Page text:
Angus W. Thomson

Thomson focuses on understanding and improving the immune system's acceptance of transplanted organs, particularly livers. Thomson is the director of transplant immunology and associate director for basic research at Pitt's Thomas E. Starzl Transplantation Institute. He also is a professor of immunology and molecular genetics and biochemistry at Pitt.

Thomson specializes in developing means to regulate the response of an individual's immune system to a transplant so that the body does not reject the new organ. His research focuses on understanding the role of particular immune system cells (called dendritic cells) in the body's acceptance of a transplant with the goal of developing more effective immunosuppressive therapies to improve long-term outcomes for transplant recipients. The National Institutes of Health (NIH) have awarded Thomson numerous research grants for his work on the role and potential therapeutic applications of dendritic cells in transplantation. He also has served on the scientific advisory board of the NIH-funded Immune Tolerance Network and on the steering committee of the NIH's Non-Human Primate Transplantation Tolerance Research Cooperative Study Group since 2002.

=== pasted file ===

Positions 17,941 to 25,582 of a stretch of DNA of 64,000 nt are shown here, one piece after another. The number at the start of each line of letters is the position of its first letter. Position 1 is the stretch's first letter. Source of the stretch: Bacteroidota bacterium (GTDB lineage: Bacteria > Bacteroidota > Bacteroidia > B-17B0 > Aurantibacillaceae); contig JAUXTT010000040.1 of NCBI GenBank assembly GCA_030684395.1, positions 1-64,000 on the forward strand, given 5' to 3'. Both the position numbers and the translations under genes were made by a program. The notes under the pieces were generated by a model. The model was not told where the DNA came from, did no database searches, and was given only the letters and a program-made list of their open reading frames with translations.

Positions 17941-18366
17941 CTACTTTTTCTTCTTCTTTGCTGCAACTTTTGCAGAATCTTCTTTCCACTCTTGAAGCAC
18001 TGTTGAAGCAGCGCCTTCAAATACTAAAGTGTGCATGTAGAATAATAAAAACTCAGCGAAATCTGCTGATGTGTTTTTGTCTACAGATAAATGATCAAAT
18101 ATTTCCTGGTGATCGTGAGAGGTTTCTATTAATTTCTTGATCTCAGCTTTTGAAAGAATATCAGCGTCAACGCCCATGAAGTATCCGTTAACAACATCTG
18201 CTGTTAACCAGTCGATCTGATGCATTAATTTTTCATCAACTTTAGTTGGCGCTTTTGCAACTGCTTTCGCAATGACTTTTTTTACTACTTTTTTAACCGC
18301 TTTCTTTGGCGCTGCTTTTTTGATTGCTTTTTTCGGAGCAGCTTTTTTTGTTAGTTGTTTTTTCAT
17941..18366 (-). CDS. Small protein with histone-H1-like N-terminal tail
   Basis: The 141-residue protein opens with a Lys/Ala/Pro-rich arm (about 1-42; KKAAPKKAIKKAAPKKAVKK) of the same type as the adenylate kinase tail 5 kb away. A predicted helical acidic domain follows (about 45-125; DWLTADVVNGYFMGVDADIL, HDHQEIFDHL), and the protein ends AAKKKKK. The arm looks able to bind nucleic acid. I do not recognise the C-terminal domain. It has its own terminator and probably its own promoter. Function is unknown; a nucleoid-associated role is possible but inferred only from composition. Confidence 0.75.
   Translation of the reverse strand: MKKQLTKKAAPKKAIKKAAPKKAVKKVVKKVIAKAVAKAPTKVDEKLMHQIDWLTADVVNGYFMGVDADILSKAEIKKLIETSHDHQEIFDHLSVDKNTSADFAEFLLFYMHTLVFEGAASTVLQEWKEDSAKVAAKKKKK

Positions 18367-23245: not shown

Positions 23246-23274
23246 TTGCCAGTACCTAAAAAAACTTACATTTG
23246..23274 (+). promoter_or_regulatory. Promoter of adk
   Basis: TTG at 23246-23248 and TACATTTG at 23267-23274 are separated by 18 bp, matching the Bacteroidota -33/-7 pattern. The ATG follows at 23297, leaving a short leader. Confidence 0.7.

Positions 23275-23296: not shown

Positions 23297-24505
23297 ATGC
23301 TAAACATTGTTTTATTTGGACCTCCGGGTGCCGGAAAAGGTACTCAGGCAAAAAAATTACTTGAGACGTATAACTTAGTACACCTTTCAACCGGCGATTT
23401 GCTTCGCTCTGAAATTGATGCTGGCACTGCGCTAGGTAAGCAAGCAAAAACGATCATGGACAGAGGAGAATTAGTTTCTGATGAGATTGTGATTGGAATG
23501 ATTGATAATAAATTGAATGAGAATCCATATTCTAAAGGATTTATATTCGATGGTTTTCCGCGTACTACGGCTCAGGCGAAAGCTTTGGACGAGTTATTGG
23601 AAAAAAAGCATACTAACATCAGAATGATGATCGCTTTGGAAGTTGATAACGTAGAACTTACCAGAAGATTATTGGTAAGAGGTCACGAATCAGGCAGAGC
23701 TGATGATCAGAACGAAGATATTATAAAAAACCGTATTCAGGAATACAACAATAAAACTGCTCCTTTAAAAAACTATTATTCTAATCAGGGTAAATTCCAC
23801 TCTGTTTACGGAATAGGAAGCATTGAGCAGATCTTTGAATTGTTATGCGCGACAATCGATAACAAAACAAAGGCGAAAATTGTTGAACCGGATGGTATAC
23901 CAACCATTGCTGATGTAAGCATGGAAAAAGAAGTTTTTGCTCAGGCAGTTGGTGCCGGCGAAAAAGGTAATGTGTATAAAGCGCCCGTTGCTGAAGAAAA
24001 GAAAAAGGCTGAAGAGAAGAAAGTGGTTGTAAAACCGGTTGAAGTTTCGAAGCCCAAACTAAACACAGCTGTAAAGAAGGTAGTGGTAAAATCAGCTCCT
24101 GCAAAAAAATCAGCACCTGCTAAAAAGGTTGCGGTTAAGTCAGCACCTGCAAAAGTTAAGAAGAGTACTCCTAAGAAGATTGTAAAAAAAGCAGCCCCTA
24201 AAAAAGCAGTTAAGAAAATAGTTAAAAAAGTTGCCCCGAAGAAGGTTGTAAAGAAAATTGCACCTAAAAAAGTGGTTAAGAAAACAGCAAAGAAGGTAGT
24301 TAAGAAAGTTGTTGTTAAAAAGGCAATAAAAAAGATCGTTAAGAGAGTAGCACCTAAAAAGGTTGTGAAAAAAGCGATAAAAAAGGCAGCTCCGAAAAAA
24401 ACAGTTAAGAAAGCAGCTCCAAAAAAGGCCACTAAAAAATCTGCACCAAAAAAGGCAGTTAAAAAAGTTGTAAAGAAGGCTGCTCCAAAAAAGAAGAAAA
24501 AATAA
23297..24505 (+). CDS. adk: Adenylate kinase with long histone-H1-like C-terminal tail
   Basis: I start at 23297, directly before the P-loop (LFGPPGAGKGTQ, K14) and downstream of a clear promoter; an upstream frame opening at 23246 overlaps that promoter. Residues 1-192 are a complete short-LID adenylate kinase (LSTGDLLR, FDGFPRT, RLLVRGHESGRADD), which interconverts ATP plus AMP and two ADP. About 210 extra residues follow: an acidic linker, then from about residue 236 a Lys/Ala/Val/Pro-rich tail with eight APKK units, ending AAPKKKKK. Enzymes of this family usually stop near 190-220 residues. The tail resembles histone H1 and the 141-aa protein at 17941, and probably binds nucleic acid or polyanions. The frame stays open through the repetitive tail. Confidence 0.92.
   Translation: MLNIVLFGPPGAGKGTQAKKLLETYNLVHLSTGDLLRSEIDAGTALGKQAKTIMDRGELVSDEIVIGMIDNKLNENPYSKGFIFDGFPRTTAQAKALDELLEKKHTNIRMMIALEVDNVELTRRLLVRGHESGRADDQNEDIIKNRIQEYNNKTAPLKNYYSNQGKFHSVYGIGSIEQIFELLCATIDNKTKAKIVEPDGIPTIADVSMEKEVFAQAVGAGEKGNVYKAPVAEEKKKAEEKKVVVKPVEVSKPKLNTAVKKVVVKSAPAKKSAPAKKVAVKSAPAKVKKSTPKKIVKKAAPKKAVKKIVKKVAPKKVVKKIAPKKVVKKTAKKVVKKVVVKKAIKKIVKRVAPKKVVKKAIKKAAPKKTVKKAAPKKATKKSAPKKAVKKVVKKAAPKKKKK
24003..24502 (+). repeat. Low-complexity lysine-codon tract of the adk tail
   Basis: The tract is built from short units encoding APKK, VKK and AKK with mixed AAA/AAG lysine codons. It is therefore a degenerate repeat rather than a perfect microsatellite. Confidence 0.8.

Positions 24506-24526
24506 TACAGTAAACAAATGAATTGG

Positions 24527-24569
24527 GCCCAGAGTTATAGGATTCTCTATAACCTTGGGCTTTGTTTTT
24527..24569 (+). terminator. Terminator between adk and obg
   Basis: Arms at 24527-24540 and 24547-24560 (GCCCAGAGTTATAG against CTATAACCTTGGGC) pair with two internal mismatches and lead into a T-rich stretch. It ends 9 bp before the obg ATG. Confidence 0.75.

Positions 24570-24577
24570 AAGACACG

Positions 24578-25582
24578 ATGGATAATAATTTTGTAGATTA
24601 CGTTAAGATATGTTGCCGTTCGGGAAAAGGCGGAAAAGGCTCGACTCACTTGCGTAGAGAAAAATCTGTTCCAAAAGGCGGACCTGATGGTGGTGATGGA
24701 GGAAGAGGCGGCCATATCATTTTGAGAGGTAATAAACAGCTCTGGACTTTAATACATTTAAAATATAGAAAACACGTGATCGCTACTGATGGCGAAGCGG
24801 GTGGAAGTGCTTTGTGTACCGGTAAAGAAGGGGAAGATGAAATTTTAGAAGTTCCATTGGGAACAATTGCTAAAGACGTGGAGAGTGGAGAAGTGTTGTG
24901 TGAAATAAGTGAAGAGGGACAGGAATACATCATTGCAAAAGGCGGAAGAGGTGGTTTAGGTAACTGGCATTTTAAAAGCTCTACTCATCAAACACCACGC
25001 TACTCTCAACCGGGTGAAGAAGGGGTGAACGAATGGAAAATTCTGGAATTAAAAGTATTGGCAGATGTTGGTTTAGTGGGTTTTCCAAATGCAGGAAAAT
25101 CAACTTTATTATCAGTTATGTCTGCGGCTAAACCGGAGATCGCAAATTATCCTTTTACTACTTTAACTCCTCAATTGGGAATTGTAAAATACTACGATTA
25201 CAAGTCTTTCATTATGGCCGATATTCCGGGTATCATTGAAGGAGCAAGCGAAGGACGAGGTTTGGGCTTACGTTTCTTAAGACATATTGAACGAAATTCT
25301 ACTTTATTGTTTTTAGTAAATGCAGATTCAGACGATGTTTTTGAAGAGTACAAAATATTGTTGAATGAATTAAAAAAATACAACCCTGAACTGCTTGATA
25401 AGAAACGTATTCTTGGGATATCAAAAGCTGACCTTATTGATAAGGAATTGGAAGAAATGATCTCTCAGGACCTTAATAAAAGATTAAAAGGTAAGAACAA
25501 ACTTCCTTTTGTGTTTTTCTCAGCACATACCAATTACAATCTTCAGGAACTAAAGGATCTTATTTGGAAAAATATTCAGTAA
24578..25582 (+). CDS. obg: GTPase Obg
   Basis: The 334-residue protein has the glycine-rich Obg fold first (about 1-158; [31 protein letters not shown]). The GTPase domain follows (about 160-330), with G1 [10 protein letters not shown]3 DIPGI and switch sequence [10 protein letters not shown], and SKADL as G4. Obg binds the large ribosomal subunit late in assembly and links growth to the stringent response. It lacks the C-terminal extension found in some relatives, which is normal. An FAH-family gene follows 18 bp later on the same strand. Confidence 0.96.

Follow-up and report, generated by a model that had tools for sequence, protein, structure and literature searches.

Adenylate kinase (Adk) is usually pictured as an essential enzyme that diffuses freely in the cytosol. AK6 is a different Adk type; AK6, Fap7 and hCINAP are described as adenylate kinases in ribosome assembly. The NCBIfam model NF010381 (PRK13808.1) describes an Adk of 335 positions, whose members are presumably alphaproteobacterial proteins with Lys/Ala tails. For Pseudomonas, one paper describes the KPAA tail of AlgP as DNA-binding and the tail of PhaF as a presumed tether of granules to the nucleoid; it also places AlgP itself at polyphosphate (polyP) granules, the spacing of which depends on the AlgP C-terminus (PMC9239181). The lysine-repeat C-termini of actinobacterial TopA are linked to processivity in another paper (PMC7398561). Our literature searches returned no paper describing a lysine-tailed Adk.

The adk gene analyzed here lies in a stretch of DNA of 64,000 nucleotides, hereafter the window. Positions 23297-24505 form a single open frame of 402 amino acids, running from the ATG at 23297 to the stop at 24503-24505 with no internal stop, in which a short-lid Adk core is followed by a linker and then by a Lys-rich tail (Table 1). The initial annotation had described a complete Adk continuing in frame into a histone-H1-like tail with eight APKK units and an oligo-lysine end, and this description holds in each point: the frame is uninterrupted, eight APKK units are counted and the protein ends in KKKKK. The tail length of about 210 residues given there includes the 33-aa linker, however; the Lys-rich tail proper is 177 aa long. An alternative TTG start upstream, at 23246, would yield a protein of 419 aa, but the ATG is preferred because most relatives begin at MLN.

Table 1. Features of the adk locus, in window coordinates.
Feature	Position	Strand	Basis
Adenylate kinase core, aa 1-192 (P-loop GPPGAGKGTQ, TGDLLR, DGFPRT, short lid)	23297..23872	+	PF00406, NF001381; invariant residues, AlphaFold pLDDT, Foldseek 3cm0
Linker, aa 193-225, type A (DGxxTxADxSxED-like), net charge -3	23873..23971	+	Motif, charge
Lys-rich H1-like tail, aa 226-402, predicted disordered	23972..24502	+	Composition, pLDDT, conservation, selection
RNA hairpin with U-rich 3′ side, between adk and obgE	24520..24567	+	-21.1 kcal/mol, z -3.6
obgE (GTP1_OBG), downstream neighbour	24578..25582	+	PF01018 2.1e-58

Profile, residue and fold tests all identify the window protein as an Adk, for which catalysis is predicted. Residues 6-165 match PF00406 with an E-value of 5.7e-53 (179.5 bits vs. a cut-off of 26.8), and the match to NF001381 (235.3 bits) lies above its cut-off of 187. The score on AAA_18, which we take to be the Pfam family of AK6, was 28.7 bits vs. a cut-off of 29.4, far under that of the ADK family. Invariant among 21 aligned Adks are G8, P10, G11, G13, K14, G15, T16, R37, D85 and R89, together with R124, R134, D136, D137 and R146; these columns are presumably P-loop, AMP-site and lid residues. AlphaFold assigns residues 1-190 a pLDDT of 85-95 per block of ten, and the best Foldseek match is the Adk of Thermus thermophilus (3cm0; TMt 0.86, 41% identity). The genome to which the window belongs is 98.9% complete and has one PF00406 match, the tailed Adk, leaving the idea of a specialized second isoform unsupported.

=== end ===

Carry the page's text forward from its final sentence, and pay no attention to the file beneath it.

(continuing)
Thomson is a Fellow of the Royal Society of Edinburgh, Scotland's national academy of science and letters. The approximately 1,400-member society promotes science through grants and education. Fellows are peer-elected. Thomson also is a Fellow of the Royal College of Pathologists.